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Comments September 18, 2006

MOD Writers: Where do you put your language strings?

Filed under: MOD Writing — Dave Rathbun @ 9:18 am CommentsComments (2) 

One of the decisions that a MOD writer has to make is whether to provide language strings as edits to an existing language file, or create their own. There are advantages and disadvantages (as I see it) either way.

Using Standard phpBB Language Files
If you include your language strings within a standard language file (lang_main.php or lang_admin.php are likely candidates) then you don’t have to do anything to get your language values loaded. The standard application code already takes care of loading these files. This is probably the best approach for MODs with only a few language strings.

As with any MOD, when you edit existing files you run the risk that those files could be overwritten during an upgrade. For larger MODs, this might be more of a risk. If you have a lot of language strings, and they’re only required for certain pages, then having them in a standard language file loads them even when they are not needed, using extra session memory.

Using Custom Language Files
Your language files are only loaded when you need them. So if your MOD includes separate php files, and the language values are only needed when your code is executed, then you don’t take extra memory unless it’s actually needed. This is a direct counterpoint to the disadvantage listed previously, of course.

I think it would be easier to provide translations. If someone wanted to go to the trouble to translate your MOD, you could simply provide a translated file rather than new MOD instructions. I don’t have any direct experience with this, but it seems to make sense to me.

It also seems that it would be easier to provide an update to your MOD, as you can simply provide a file to copy rather than edits to an existing file. If you update your MOD, the update instructions become “copy” rather than “open” + “find” + “after, add” or whatever would be required.

You either have to a) include extra MOD instructions to load the language files (since they’re not loaded as part of the standard process) or b) take care of loading the language files within your own code. If it’s a large enough MOD, and the language files are extensive enough, this is probably what you want to do anyway. So perhaps this isn’t that much of a disadvantage.

As an example, I have a MOD called Page Permissions that allows a board administrator to set permissions based on page names, rather than page content. So you can have specific permissions for the member listing, or for viewing profiles, just as examples. The MOD requires extremely minimal edits to existing files, other than the language entries. When I started, I simply added the required language entries to the lang_admin or lang_main files. There are only a few lines added to lang_main, so there’s probably not a big impact to how much session memory is used.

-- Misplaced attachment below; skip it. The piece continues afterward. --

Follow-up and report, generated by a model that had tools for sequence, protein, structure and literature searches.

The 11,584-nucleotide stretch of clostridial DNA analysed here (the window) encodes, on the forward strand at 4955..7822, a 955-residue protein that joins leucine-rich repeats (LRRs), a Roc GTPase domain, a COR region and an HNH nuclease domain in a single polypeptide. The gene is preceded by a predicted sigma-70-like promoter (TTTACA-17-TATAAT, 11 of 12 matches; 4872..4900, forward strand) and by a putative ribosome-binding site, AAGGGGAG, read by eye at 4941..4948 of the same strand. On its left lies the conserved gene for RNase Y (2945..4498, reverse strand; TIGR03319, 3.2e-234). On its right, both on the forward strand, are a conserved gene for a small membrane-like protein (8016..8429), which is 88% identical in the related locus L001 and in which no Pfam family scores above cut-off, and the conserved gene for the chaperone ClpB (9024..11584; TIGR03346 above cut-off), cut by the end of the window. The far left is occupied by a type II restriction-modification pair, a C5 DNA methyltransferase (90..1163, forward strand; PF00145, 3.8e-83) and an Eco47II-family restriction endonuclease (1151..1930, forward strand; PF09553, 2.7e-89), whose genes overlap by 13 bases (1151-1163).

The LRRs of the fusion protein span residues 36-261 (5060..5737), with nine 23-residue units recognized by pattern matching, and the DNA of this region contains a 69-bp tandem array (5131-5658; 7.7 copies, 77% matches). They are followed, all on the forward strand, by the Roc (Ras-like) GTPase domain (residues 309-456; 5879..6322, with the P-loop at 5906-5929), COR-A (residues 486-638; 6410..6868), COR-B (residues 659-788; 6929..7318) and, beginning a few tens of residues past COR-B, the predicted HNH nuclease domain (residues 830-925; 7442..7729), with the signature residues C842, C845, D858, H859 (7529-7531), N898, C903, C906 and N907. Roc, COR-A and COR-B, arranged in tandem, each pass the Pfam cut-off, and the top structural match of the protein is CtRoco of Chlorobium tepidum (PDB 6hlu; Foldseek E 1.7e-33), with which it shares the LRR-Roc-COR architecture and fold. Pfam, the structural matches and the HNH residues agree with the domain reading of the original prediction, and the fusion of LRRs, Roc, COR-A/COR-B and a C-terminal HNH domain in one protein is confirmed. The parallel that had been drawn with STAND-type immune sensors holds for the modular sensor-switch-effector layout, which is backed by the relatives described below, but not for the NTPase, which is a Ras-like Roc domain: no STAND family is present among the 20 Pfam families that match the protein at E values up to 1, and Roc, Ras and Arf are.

There are quite a few language strings added to lang_admin.php, but that file is only loaded when the admin enters the ACP (Admin Control Panel). So I’m not too concerned about memory utilization there either.

So the only real reasons to consider breaking all of the language strings out into their own file would be ease of updates and ease of translations. At the moment I’ve left the Page Permissions MOD with its language strings included in the standard file, but I expect I will change that if (when) I issue a future release.


  1. Myself, I would use the standard phpBB language files if I know that the Mod I’m developing is small and won’t require anymore changes or updates. Otherwise I tend to stick with custom language files.

    Comment by alexi02 — September 19, 2006 @ 10:19 am

  2. I will be honest, I’ve never used a custom language file. I should have, with my “Page Permissions” MOD. Doing that would have made the MOD install incredibly simple, as the bulk of the actual edits are language entries.

    I expect to update that MOD and set it up to use its own language file. Thanks for the comment! Welcome to the Doctor Blog. 8-)

    Comment by dave.rathbun — September 20, 2006 @ 9:44 am

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